Overall, Romo’s passer rating on deep passes is 114.3 since 2009—superior than the 103.6 rating on intermediate throws and the 97.0 rating on short throws.

Read the article at Dallas Morning News.

By Jonathan Bales

What to Expect From DeMarco Murray in 2012

I’ve talked a lot about DeMarco Murray recently, primarily because he has such a high ceiling in 2012. The farther along in the preseason we roll, the more I think Murray will receive a whole lot of touches this year. I’ve talked about if the Cowboys should make Murray a workhorse back and if he can really rush for much more than 1,000 yards. Today, I took a new look at Murray’s projections over at Dallas Morning News:

In his rookie season, Murray played 388 snaps. He rushed the ball 164 times and was targeted 34 times as a receiver, giving him a touch rate of 51.0 percent. Already this preseason, Murray has racked up a carry or target on 61.5 percent of his snaps. It’s a limited sample size, but interesting nonetheless.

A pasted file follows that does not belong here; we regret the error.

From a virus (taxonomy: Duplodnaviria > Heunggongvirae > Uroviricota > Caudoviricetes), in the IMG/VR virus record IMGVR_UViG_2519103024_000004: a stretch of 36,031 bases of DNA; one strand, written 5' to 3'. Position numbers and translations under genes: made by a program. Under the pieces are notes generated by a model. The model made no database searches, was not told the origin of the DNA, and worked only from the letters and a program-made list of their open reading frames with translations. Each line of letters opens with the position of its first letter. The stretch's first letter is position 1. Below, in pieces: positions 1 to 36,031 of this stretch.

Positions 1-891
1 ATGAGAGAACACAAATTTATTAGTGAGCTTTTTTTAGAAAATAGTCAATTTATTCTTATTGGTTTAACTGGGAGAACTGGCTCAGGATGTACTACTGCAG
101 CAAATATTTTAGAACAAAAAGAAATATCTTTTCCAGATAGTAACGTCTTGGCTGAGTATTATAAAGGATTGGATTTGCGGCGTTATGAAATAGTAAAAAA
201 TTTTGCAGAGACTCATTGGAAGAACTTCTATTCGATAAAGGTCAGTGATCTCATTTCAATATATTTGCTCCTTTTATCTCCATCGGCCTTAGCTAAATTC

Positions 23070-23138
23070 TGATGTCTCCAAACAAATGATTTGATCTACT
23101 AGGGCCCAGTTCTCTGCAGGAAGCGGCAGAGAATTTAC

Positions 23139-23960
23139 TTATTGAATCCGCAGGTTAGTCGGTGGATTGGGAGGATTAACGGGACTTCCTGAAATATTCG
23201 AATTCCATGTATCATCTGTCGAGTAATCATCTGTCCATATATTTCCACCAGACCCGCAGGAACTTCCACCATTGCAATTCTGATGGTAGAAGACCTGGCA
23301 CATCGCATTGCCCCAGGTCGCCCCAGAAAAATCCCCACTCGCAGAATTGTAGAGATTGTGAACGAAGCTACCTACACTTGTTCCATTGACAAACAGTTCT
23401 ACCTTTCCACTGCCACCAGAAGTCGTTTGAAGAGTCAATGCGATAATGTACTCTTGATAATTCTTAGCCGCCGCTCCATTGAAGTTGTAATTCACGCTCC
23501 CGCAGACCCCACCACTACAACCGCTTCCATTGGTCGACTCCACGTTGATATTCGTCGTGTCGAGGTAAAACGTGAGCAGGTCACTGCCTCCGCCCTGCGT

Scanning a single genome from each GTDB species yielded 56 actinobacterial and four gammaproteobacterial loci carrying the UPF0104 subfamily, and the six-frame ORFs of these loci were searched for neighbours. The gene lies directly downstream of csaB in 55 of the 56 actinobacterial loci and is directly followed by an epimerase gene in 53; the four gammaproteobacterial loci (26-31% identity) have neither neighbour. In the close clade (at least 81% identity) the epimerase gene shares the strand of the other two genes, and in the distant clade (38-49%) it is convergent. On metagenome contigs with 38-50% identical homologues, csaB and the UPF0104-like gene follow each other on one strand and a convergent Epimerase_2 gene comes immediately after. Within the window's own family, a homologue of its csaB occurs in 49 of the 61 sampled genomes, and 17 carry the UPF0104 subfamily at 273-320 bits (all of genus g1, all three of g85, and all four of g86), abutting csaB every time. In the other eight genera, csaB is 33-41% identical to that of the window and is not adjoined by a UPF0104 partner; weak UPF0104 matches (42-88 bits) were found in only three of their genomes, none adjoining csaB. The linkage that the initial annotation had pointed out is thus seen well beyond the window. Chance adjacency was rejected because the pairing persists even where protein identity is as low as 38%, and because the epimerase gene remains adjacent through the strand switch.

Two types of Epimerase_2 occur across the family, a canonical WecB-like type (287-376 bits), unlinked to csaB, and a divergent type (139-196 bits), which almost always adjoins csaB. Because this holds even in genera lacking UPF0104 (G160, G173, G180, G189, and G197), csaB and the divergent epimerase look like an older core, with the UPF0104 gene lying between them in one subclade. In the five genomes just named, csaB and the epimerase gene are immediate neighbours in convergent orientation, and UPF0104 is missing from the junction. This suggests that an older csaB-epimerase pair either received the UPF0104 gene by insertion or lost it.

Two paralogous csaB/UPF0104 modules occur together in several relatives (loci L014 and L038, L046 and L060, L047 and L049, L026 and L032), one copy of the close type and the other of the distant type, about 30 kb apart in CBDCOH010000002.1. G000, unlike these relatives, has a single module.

Read the entire article here.

If the Cowboys can get the ball to Murray more often while he’s on the field without giving him significantly more than 65 percent of the running back snaps, they might be able to acquire the optimal amount of production from him–giving him a larger percentage of touches but not burning him out and losing efficiency.

By Jonathan Bales

Cowboys vs. Giants Week 10 Film Study Observations

Jonathan Bales

  • In my initial post-game notes, I wrote briefly about a new formation the Cowboys ran against New York.  They called it three times, running the same pass play (below) from it each time.  I’ve named the formation “Double Tight Left Ace.”  It’s actually very similar to “Double Tight Left I,” except there is an extra tight end to the weak side instead of a fullback.